The operator has no right to get back a parking charge from you without first taking you to court, so if you deem there has been a blunder and you shouldn't have been issued a ticket, you may want to dispute the charge with the parking company as soon as possible. You should ask them to offer proof of their case against you. If you fail to reach an agreement with them, then, as with all civil matters, it is up to the parking company to prove their argument in court, but it is advisable to seek advice from the Citizens Advice Bureau or a solicitor before things get to this period. Bear in mind that the parking operator has to prove its case on the balance of probabilities.

It is also imperative to write down that, as things now exist, the driver of the vehicle is the solitary person who can enter into a contract with the property-owner. Consequently if you were not the person driving you may wish to inform the parking company of this right away. Just because you are the registered keeper of the car, you are under no legal obligation to supply the parking operator with any further information, as you would be with the police. In particular you do not have to identify the driver or supply his or her name and address.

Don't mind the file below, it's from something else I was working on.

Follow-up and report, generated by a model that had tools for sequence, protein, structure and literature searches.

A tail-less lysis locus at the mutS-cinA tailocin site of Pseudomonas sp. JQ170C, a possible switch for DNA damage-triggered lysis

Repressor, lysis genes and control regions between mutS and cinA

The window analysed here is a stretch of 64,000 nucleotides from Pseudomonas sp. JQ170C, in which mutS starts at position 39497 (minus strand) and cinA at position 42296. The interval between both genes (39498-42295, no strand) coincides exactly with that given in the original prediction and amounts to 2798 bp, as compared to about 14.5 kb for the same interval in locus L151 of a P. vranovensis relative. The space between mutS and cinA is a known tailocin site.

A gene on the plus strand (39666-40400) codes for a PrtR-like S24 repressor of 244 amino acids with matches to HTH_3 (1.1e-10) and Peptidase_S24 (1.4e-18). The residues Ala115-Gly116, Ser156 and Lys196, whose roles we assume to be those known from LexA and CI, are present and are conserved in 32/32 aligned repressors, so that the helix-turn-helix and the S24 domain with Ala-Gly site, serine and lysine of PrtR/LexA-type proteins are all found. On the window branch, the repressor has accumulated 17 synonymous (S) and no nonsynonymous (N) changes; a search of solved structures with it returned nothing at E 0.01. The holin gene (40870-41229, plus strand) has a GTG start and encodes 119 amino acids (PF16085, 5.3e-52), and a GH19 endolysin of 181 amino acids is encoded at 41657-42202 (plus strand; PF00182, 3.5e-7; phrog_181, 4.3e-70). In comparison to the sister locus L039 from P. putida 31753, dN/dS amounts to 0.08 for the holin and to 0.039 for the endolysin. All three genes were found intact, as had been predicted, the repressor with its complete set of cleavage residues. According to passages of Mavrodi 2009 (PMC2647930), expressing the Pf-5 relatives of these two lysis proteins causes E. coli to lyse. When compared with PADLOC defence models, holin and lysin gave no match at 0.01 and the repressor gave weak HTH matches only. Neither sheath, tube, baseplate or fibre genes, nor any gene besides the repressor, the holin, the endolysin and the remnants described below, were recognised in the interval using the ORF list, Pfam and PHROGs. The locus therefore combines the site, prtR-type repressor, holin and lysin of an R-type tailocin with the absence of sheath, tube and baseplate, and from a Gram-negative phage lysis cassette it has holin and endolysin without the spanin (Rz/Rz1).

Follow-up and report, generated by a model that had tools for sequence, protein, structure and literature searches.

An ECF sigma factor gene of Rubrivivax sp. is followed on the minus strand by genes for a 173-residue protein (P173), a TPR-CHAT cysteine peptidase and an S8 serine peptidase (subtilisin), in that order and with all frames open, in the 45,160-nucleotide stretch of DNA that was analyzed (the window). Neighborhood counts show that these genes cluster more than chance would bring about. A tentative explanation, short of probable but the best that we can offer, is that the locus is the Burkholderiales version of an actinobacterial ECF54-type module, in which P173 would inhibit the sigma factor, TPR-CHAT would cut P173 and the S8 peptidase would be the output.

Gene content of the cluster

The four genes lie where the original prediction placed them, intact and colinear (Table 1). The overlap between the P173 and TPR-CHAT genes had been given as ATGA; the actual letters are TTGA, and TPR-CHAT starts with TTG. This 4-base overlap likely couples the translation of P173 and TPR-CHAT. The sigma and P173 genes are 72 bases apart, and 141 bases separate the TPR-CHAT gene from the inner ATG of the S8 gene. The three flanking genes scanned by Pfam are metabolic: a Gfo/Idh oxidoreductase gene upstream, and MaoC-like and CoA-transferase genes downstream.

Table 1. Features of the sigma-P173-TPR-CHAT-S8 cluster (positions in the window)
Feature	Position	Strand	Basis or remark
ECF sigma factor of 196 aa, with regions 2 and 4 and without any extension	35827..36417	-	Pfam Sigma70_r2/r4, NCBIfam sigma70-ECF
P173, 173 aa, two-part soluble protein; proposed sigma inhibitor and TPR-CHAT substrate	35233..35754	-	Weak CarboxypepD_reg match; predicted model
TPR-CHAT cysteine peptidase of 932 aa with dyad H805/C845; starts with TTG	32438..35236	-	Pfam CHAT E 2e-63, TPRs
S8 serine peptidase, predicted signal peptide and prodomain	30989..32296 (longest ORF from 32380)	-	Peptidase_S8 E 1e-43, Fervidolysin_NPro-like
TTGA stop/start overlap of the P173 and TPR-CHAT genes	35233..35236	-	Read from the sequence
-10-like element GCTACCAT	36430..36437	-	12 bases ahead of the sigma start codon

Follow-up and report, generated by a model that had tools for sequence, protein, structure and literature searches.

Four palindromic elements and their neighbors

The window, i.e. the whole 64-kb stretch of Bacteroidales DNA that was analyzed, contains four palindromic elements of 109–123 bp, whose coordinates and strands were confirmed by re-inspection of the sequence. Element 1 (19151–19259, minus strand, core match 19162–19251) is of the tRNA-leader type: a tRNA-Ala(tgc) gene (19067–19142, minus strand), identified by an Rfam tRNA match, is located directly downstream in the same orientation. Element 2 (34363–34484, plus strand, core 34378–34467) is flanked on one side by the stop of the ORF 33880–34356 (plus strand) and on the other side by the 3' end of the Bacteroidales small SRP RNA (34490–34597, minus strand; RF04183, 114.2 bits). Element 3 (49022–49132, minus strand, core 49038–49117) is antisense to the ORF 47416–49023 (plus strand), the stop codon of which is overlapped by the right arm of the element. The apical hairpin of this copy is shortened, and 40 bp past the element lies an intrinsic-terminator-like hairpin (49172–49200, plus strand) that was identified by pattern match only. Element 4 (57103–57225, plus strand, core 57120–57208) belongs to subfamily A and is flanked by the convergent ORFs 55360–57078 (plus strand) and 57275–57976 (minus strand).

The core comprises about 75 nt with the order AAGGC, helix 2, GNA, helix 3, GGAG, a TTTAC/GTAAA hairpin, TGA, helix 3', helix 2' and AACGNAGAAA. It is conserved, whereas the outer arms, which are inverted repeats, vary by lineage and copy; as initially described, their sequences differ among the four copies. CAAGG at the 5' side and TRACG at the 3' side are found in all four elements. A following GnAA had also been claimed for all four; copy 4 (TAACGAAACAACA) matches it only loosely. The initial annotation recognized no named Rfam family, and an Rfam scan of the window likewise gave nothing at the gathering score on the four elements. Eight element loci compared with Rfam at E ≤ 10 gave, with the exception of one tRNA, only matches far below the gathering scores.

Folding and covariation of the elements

Indeed if you are assured that you have not parked in contravention of the regulations of the car park, you do not have to contact the parking company if you do not wish to do so as the obligation is on the parking company to corroborate its case. However you should let them know that you contest the notice as if not, you can be expecting a succession of letters from the company itself, debt collectors and solicitors, all warning of court action. However, the reality is that extremely few cases ever reach court because of the difficulties the private company has in proving its case. Consequently, the letters usually stop. Even if a case does reach court, the company may have trouble convincing a judge that the charge is fair.

The bottom line is it is going to be very hard for these companies to prove you are a guilty party in this. In 99.99% of cases the best thing to do is rip up the ticket and throw it away. We would recommend not to get in touch with the company (as you are handing them your details) or waste your time and money consulting a solicitor. Most of these companies do not provide proper signage - in other words they are easy to miss when you are busy thinking of all the stuff you want to purchase.